Norwegian version

Sensor technology in healthcare

Sensors are devices that react and respond to various stimuli, such as biochemical, electrical, or mechanical signals. OsloMet uses and develops sensors to gather health related data.

Aligned with the goals of the Intelligent health initiative at OsloMet, sensor technology enables the use of technology for health benefits. 

Sensors are used for diagnosis, prevention and treatment of disease, and in prediction of treatment response. In health research, sensors are used to collect and interpret biological and physiological data.

Data from sensors provides input for technological innovation, combining state-of-the-art technology, wearable sensors, and artificial intelligence. In addition, researchers can use knowledge from how processes work in biology and medicine to design more efficient sensors. 

An important feature of many sensors is that they can measure biomarkers non-invasively. This is useful because it leads to less pain and discomfort for the patient and reduces the risk of infections. In addition, sensors can be used regardless of the patient's age, gender, and health status.

Sensor technology at OsloMet

Sensory information is a dynamic and multifaceted landscape that holds invaluable clues about our health and well-being. By leveraging advanced sensor technologies, researchers at OsloMet focus on decoding sensory signals, revealing patterns and correlations and monitoring biomarkers that can serve as early signs of impending health challenges.

Artificial intelligence and machine learning can be used to process signals gathered from a variety of sensors and find new connections.

Examples of sensor technologies used by researchers at OsloMet include:

  • OsloMet scientists working with sensor technology

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  • Relevant research groups and research projects at OsloMet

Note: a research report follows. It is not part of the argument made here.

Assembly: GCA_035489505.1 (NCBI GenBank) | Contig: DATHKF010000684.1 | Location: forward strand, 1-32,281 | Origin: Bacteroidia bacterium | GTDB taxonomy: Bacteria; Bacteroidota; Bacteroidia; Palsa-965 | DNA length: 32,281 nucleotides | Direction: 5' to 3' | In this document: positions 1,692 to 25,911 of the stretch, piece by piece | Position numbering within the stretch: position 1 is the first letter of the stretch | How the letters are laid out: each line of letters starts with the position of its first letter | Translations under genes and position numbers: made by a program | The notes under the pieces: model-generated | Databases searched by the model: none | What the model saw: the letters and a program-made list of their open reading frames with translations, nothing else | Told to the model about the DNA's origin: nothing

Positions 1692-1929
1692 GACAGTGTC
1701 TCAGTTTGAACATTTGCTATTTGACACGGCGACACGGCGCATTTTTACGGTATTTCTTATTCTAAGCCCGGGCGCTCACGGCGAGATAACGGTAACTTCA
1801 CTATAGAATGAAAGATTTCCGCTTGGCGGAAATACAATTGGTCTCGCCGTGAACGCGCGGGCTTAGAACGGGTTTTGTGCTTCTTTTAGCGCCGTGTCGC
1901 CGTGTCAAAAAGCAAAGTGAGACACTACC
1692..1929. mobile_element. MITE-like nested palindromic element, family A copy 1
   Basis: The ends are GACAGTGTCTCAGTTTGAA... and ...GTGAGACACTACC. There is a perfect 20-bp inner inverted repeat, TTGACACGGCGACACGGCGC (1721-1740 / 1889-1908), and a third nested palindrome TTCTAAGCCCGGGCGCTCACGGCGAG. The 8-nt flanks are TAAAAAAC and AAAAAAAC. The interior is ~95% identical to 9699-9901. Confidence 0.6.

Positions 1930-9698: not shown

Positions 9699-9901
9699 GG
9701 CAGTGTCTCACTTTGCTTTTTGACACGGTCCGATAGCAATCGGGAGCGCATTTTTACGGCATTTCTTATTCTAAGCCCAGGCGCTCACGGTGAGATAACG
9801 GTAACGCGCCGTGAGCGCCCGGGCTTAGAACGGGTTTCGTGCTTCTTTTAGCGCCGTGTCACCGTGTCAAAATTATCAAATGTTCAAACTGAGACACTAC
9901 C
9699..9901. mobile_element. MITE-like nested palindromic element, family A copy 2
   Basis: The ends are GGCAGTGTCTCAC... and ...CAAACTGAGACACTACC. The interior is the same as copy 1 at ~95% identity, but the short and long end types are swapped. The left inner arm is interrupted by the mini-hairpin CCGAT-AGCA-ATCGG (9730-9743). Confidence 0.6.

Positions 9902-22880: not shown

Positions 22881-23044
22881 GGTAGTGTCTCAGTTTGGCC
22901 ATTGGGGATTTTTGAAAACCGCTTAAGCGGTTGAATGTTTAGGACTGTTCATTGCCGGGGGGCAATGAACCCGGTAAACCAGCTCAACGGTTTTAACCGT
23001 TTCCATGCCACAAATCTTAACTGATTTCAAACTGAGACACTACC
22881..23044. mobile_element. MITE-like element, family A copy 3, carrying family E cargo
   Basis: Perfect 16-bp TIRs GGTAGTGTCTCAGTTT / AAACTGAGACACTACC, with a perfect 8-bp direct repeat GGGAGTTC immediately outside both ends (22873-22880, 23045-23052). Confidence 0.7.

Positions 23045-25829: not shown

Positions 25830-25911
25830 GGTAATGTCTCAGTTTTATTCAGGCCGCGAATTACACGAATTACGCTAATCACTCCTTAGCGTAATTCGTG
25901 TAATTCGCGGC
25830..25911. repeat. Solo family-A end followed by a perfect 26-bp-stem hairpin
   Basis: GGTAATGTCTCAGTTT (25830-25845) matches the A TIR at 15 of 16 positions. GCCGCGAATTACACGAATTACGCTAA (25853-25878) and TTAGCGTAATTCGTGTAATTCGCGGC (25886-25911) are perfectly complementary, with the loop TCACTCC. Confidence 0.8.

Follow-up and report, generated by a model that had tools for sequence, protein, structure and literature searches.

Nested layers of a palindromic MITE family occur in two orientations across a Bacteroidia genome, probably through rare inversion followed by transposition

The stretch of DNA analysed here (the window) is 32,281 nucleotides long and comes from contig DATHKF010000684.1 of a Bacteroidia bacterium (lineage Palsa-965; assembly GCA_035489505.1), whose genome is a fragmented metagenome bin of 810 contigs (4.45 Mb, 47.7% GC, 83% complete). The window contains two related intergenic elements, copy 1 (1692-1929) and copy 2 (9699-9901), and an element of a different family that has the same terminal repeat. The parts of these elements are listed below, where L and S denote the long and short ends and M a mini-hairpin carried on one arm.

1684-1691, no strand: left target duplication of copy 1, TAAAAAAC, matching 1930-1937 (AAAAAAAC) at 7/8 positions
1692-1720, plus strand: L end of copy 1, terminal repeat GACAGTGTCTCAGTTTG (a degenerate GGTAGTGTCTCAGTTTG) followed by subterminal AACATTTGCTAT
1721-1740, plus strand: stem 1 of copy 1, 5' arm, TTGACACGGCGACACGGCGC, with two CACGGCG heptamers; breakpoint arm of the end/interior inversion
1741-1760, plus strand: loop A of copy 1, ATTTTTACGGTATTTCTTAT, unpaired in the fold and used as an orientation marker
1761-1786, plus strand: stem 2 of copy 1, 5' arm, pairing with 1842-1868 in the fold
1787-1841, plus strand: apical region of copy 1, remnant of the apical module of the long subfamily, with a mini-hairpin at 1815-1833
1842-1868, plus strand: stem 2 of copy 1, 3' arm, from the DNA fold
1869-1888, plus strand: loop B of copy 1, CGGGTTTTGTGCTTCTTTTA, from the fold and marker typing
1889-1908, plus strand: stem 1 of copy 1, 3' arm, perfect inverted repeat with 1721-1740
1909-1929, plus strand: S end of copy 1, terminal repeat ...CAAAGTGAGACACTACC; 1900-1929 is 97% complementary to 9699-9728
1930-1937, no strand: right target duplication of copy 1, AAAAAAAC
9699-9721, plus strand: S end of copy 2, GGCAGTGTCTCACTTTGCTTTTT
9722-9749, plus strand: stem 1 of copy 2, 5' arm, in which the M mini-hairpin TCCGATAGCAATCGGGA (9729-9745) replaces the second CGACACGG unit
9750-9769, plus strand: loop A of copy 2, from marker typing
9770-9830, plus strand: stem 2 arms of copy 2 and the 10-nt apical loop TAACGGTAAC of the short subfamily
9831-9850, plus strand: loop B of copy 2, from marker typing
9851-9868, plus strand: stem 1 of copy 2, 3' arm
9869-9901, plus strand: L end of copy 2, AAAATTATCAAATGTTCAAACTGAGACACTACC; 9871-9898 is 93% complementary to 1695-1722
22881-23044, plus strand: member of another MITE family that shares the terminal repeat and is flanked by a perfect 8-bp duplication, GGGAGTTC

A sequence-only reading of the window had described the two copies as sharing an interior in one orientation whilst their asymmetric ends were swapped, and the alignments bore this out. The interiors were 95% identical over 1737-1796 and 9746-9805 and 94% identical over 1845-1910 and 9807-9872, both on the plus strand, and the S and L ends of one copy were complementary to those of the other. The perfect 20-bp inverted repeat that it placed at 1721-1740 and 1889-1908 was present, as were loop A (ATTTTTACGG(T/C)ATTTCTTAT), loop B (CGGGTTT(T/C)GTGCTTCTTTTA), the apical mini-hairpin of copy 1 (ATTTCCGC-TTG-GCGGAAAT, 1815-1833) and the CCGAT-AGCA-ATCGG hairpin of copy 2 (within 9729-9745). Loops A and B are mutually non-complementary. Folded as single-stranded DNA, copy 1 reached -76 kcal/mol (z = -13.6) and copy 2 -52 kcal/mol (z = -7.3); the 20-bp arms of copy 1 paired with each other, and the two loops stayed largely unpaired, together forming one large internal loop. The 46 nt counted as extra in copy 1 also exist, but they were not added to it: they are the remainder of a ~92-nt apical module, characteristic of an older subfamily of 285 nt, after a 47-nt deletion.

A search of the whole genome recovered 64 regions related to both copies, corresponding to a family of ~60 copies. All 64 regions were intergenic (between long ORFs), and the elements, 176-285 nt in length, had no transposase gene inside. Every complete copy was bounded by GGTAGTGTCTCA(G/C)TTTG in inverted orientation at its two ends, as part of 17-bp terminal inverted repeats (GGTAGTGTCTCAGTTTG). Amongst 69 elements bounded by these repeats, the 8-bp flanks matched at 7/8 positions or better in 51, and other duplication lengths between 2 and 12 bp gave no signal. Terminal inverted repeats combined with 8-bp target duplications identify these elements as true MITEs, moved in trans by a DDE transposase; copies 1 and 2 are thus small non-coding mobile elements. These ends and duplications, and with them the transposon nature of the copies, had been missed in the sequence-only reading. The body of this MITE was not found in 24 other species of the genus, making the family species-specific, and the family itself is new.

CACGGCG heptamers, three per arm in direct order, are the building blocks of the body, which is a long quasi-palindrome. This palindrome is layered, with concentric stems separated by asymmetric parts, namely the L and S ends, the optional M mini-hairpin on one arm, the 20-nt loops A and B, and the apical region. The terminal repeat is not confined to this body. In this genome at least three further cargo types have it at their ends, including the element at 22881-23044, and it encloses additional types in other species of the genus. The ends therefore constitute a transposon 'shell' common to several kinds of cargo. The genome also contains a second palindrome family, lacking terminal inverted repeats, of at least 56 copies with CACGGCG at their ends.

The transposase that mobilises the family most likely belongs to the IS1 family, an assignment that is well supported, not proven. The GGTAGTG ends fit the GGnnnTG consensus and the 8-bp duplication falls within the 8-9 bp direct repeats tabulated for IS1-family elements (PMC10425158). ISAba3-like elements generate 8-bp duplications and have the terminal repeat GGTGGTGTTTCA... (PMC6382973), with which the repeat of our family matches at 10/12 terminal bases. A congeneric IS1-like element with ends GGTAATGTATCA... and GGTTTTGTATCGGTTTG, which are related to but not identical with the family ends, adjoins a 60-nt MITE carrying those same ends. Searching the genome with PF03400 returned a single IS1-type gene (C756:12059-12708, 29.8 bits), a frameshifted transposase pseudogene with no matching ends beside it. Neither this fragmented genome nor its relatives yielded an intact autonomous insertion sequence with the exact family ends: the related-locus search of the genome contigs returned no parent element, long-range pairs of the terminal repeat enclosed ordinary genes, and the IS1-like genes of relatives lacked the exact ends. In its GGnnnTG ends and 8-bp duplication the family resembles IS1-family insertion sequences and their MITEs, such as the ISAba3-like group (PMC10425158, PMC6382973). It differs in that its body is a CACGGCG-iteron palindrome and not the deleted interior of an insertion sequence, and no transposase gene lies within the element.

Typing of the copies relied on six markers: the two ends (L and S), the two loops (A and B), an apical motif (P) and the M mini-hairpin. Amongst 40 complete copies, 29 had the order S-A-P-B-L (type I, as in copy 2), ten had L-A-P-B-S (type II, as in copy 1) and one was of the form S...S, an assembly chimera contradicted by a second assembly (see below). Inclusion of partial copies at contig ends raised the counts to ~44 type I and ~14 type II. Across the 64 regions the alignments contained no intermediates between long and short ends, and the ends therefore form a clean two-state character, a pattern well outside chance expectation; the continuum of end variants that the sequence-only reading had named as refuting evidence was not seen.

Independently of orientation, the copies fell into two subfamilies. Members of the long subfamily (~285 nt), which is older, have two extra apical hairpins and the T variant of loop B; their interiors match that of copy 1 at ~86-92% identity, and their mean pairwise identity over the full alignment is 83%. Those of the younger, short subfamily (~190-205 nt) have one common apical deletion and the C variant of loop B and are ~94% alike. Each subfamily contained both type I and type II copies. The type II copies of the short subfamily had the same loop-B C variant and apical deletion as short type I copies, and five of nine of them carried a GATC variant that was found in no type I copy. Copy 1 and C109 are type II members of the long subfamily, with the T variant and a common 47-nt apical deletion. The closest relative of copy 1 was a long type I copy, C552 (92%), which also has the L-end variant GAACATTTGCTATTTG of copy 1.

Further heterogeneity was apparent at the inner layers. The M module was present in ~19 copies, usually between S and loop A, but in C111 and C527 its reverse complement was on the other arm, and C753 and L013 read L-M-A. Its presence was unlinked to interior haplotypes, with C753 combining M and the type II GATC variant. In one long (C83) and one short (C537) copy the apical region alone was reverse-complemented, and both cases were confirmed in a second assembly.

• More about Intelligent Health focus areas

    • Artificial intelligence in healthcare

      At OsloMet we work on developing algorithms and models using machine learning tailored towards applications in medical research that will help to solve the challenges in the healthcare sector.

    • Assistive technology

      Assistive technology, or in the Nordic context often called welfare technology, refers to tools and services that aim to improve quality of life and wellbeing.

    • Biotechnology

      Researchers at OsloMet work to develop methods and critically assess the usefulness of biomarkers in diagnostics and treatment, personalized medicine and large-scale analyses.

    • Omics technology

      OsloMet researchers and research groups apply different omics-technologies to study the molecules of life, how their variation affects their functions, how they are generated and decay.

    • Intelligent Health focus areas

      Through collaborating across disciplines and sectors, we will ensure that research and innovation within health and technology remains user- and problem-oriented.

About Intelligent Health

  • Intelligent Health

    This initiative will contribute to develop knowledge and technological solutions that foster improved health and counteract diseases.